2016 is shaping up to be a big year in the life cycle of Apoxe. After letting some competing technologies battle for supremacy its time to re-evaluate the winners, methods, and techniques and vet them against core fundamentals of what Apoxe is so that it can move to the next level.
Taking Apoxe down to the studs so to speak has me excited and anxious to get in there and get geeky. This reminded me of an article I read a few years ago by Joel Lee that I feel is still relevant and at least for me – reaffirms that I’ve chosen the right profession. If any aspiring programmers are reading this, I highly recommend you take the time to let the following points sink in. Its ok, I’ll wait… http://www.makeuseof.com/tag/6-signs-meant-programmer/
Each point made in his article about why you shouldn’t be a programmer rings true for me on some level. For example, the first point “You Lack Experimental Creativity” made me chuckle because I can think of a few times that I spent hours coding, only to scrap it later because some revolutionary thought came to me later in the day. I wasn’t that sad to scrap it, instead I was excited to try a different approach. Or, You Want Normal Work Hours. Just this past holiday season I was on the couch programming away ideas for Apoxe while kids were watching TV, and I found it very relaxing. Even in church I may have wondered from the sermon thinking about a lingering problem I wanted to solve. Programming challenges are with me everywhere I go, and most of the time, I’m OK with that.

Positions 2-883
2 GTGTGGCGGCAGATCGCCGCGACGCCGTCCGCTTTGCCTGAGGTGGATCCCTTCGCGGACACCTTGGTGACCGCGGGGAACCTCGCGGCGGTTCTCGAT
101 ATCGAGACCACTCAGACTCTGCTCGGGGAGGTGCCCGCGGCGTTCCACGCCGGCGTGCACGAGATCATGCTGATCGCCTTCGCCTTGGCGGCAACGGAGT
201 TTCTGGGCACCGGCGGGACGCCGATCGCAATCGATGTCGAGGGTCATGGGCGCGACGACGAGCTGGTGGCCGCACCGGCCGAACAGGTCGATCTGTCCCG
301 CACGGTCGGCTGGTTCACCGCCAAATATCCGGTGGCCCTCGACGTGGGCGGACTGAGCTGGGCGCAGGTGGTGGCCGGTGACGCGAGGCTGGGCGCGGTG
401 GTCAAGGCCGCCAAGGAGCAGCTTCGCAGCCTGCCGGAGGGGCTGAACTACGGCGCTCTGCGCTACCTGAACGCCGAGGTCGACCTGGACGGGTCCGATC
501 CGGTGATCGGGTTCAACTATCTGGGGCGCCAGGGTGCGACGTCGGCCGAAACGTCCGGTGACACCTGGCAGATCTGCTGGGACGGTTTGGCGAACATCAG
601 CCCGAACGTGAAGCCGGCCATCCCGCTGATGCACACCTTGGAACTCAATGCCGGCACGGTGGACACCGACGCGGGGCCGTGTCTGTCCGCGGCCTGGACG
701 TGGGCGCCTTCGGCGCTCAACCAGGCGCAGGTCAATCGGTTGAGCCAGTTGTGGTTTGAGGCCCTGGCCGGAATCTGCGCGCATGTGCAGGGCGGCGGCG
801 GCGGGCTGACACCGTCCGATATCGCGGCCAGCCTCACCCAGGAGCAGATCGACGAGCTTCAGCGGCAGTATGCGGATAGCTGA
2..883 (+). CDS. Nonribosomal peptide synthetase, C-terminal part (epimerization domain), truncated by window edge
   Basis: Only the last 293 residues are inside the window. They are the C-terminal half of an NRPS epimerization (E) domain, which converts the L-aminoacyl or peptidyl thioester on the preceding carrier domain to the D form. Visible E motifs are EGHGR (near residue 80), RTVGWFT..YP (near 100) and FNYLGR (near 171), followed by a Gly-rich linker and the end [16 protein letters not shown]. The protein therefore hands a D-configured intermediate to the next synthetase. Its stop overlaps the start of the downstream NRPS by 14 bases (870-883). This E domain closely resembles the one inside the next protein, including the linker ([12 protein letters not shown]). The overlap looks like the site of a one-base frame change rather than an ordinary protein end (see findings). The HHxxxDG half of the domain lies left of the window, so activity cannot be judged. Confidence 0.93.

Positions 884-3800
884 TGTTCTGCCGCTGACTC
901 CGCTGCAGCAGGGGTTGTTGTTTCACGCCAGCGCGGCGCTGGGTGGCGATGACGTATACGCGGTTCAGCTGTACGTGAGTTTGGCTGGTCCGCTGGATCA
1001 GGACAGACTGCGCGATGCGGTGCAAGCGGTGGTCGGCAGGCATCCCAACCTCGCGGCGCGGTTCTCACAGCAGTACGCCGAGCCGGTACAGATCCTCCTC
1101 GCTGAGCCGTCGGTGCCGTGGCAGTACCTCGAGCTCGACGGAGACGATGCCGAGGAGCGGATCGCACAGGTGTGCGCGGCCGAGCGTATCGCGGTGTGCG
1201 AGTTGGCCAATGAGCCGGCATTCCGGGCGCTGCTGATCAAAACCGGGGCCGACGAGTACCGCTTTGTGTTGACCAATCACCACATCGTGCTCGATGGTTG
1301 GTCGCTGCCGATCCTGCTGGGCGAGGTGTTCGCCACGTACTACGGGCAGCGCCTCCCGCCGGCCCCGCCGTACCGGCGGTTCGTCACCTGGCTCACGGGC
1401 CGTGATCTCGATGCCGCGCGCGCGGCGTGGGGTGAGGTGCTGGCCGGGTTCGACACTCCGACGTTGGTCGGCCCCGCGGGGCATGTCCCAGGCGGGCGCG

As I approach 16 years with TKG, and 20 years (holy crap) since building my first websites – I feel lucky that challenges that got me hooked on programming and web development have been replaced with new challenges to continue to grow – and that the thought of getting in there to solve them continues to motivate me.